The Formulas of Popular Fiction

Elements of Fantasy, Science Fiction, Romance, Religious and Mystery Novels


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SKU: 9780786474134 Categories: , , , , ,

About the Book

This book creates a taxonomy for the major bestselling fictional genres: romance (e.g., authors Heyer, Cartland, Woodiwiss and Roberts), religious and inspirational (Corelli and Douglas), mystery and detective (Conan Doyle, Christie and Mankell), and science fiction, horror and fantasy (Wells, Tolkien, Orwell, Niven, King and Rowling). Chapters look at a genre from its roots to its most recent works. The structural patterns in the plot, characters and setting of these genres are then explained.
The book also provides a critique of currently popular hyper-formulaic, hack, unliterary writings that have multiplied in recent decades. Special topics such as the publishing oligopoly and the resulting homogeneity among bestselling works and the steady movement from literary to unliterary fiction are also examined.

About the Author(s)

Anna Faktorovich is the founder and director of the Anaphora Literary Press and the editor-in-chief of the Pennsylvania Literary Journal. She has been a professor of English for Middle Georgia College and for Edinboro University of Pennsylvania. She lives in Hephzibah, Georgia.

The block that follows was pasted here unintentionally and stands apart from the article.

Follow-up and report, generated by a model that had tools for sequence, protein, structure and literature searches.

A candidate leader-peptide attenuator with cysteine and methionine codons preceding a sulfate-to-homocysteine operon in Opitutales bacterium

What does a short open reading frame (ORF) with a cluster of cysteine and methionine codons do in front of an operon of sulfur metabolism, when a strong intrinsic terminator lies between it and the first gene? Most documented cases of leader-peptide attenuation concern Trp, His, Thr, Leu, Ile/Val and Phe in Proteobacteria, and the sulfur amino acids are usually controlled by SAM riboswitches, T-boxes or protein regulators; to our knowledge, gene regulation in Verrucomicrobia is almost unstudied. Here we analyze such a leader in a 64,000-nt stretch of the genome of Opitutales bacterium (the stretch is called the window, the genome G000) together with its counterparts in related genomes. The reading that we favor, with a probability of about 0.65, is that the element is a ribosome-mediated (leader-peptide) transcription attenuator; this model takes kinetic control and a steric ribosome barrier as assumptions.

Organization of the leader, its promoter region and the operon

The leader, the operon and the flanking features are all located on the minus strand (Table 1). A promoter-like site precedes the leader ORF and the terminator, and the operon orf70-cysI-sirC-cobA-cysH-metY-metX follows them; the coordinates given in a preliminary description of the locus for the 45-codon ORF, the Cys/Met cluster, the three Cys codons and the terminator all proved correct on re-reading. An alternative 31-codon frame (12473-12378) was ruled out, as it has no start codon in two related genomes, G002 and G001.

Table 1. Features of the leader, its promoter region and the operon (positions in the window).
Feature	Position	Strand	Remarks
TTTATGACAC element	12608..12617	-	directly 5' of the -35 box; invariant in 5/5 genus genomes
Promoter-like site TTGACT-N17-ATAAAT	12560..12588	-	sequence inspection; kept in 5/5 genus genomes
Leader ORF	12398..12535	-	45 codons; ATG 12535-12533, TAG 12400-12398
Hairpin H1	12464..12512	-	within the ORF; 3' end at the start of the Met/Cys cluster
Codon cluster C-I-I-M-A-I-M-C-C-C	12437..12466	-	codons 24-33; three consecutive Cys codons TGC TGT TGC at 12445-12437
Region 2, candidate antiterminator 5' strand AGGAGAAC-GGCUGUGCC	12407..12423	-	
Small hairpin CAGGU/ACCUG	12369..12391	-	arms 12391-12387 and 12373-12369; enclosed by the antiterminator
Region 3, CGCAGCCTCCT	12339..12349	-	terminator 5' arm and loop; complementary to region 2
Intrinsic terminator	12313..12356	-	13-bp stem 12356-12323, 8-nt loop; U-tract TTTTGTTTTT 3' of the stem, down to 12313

Bibliographic Details

Anna Faktorovich
Format: softcover (7 x 10)
Pages: 224
Bibliographic Info: 5 photos, tables, charts, notes, bibliography, index
Copyright Date: 2014
pISBN: 978-0-7864-7413-4
eISBN: 978-1-4766-1585-1
Imprint: McFarland

Table of Contents

Table of Contents

Chronology of Works Discussed  vii

Introduction  1

Chapter 1. Formulaic Fiction Writing and the History of Literary Genres  11

Chapter 2. Fantasy, Science Fiction and Horror  45

Chapter 3. Romance  95

Chapter 4. Religious and Inspirational  141

Chapter 5. Mystery and Detective  160

Conclusion  195

Chapter Notes  201

Bibliography  209

Index  213

Book Reviews & Awards

“a fascinating read…very highly recommended”—Midwest Book Review; “Anna Faktorovich has written an impressive study of genre writing. It is comprehensively informative and enticing on an intellectual level and simultaneously encouraging and useful to those embarking on a writing career. Formulaic authorship is not as creatively rewarding as producing Lolita or King Lear, but those future Luke Skywalkers and Harry Potters will pay the rent.”—Robert Hauptman, editor, Journal of Information Ethics.